Around this time three Fridays ago I stood in awe of the number of flavoursome and innovative beers on display at the Craft Beer Rising Festival, which showcased some 170 breweries and over 700 beers. The “rise” of craft beer has indeed been somewhat remarkable. In a matter of ten years or so we have banished bland beers from our bars and replaced them with local producers which almost unanimously harness a knack for creating good beer. Goodbye the amber nectar, farewell my dear Carling, you shan’t be missed.

The number of new breweries opening in the UK has jumped 55 per cent in the last year, according to new figures, with a total of 520 opening the UK at a rate of ten per week. They provide the industry with a much-needed boost of local, cleverly though-out and innovative beers, and as much as I bemoan certain aspects of the industry (cite Huff Po, cite the crafty fuckers at Meantime), this really is a good time to be alive for beer enthusiasts.

So it was with a certain sense of bemusement that I picked up a copy of this morning’s Metro to see a full wrap around for Bud Light which is set to make its debut in the UK shortly. To put this catastrophe into context, a pick of the comments on Beer Advocate describe it as “water with a hint of beer”, “a taste akin to seltzer water”, “like urine after you drink a gallon of water” and a “worthless beer other than for distinguishing fires” or “to be drank by people who don’t like beer” – note the triple waterism. From my brief time in America I can too concur that this is an utter disaster for the advancing UK beer industry, a tin that regardless of its few attributes – been less calorific, easy on the head the following day and normally consumed for free at parties – should be avoided at all cost.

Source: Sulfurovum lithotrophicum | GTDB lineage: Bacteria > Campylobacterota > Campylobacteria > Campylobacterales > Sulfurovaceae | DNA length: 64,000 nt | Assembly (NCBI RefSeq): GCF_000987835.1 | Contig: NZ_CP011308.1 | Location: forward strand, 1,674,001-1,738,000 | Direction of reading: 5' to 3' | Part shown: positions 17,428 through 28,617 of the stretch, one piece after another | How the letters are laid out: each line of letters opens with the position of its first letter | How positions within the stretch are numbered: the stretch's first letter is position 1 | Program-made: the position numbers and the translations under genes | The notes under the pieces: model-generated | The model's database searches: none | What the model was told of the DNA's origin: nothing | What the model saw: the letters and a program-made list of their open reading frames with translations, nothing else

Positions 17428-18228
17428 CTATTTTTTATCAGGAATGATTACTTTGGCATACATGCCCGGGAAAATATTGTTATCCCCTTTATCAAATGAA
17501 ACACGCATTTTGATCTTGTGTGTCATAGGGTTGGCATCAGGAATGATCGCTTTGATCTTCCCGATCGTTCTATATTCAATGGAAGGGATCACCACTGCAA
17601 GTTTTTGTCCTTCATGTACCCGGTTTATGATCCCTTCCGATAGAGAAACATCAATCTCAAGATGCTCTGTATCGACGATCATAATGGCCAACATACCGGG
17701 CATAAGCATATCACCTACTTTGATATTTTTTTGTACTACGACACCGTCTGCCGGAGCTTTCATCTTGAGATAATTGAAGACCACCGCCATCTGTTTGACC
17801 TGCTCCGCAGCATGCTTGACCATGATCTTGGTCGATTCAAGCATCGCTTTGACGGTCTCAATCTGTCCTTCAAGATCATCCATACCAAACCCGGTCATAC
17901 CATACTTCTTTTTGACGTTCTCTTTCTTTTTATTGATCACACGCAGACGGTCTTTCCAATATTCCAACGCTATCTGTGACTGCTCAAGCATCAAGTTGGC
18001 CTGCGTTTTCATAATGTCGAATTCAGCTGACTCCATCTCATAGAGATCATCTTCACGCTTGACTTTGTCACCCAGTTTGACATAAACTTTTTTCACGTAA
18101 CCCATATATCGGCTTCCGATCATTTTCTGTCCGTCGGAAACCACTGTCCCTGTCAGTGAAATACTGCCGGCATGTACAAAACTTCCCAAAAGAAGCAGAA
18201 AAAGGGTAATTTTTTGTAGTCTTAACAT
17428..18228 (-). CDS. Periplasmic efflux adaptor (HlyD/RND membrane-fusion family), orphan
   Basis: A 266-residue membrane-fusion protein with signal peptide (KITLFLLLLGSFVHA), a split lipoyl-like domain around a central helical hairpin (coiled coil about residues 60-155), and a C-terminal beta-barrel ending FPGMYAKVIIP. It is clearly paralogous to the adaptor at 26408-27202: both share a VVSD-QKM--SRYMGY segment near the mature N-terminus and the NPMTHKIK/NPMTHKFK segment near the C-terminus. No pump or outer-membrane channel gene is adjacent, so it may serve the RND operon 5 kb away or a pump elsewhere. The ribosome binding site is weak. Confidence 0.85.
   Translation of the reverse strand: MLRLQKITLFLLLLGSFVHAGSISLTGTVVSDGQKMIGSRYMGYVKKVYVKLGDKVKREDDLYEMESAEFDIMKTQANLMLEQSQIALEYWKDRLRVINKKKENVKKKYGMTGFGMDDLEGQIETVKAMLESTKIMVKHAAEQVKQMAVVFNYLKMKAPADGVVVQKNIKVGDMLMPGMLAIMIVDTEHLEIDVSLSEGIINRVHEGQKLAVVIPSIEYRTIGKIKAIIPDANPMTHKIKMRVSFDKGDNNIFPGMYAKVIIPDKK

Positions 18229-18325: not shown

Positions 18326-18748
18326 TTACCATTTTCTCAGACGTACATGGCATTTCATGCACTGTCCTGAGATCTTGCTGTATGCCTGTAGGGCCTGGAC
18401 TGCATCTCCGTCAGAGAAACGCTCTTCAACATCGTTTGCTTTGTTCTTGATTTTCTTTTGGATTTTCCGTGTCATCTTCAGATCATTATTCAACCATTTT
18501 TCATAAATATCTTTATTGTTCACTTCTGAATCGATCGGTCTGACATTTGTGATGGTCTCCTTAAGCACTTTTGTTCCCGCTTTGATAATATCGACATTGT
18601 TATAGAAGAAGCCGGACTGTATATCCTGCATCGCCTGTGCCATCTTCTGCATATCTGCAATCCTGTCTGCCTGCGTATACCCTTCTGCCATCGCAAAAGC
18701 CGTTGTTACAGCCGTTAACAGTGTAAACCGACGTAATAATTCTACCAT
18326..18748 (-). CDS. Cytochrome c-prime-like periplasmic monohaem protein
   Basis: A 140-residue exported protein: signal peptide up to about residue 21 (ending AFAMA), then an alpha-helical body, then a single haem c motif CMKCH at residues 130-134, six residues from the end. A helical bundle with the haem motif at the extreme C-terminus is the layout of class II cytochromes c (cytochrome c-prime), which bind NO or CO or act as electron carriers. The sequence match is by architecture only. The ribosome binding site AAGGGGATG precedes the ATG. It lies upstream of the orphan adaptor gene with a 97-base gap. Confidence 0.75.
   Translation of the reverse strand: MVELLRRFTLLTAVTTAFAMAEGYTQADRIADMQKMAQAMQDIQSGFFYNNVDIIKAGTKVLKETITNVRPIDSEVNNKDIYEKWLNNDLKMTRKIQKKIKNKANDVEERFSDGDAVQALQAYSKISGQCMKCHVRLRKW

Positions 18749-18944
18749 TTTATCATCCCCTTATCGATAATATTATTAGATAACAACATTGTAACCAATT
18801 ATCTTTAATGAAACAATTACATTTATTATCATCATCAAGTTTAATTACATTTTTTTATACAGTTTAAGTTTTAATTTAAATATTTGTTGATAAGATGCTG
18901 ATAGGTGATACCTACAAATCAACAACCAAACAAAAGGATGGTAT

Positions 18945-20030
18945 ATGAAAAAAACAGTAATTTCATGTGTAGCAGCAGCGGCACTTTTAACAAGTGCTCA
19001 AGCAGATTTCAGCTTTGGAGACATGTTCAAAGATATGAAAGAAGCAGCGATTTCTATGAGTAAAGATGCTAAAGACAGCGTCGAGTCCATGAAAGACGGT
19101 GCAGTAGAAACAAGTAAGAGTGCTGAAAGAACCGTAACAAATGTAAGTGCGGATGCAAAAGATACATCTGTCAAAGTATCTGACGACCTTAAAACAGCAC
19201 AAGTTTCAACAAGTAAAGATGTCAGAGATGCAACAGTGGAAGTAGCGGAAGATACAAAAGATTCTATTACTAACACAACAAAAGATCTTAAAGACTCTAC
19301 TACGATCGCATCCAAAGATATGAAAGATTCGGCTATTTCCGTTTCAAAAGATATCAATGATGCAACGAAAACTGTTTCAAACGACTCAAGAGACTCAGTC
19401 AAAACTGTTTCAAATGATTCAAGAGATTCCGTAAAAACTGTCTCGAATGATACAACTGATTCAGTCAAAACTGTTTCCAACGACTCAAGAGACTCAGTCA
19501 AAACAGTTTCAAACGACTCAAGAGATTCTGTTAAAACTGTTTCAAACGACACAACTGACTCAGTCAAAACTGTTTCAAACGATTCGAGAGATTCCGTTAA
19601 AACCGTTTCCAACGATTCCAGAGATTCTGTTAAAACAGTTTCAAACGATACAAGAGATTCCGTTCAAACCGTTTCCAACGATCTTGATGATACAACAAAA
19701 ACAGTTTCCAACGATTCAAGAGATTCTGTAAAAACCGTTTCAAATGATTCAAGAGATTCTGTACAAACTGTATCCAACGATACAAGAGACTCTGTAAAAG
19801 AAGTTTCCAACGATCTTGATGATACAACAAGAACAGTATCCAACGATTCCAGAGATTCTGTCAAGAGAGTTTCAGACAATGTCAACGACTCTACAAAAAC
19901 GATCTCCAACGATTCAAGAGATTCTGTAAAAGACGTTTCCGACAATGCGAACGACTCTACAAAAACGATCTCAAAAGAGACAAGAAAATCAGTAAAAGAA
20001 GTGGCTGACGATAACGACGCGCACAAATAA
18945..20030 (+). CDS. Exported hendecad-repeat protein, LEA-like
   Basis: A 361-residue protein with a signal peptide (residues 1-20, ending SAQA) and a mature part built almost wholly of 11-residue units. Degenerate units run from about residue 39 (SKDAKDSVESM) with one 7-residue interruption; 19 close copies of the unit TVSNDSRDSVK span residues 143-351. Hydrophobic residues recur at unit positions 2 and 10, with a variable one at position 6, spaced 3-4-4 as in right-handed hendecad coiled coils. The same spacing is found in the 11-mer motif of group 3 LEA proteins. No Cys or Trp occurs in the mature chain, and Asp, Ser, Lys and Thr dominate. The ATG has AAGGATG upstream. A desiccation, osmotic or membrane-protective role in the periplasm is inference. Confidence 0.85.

Now we have borrowed many things from America, many for the good, but their taste in beer should not be one of them. As Roberto A. Ferdman wrote in the Washington Post, despite a number of craft outlets popping up across the country “Americans still largely love their beer to taste one way: bland”. Almost every best selling beer is a light beer, with Bud Light been the most popular brand by far, accounting for nearly one out of every four beers sold in the US.

In many ways light beer suits the American market. Historically, prohibition and the temperance movement had a profound effect on the type of beer Americans drink pushing the market towards drinks with the least amount of alcohol. The consolidation of the beer market also impacted people’s taste for it, with Anheuser-Busch InBev, Miller Coors and the like effectively telling folk what to drink. If you analyse the slogans of these beers they’re often more appealing, and many a marketing buck has been spent on getting strong messages across to the consumer.

But in a time of great revival for good beers in the UK we shouldn’t be welcoming more light beers on our shores, we should repel them. Not only does light beer equal shite beer in almost all cases, but we also have no need for it. We are living in a golden age for the beer industry in the UK and I sense Budweiser may find the time to flood the market with cheap, light alternatives is certainly not now. With local hand-pulled ales widely available and craft alternative on every pump there simply isn’t any space for it. We may welcome your marketing dollars Bud Light, but your ale can fuck off.

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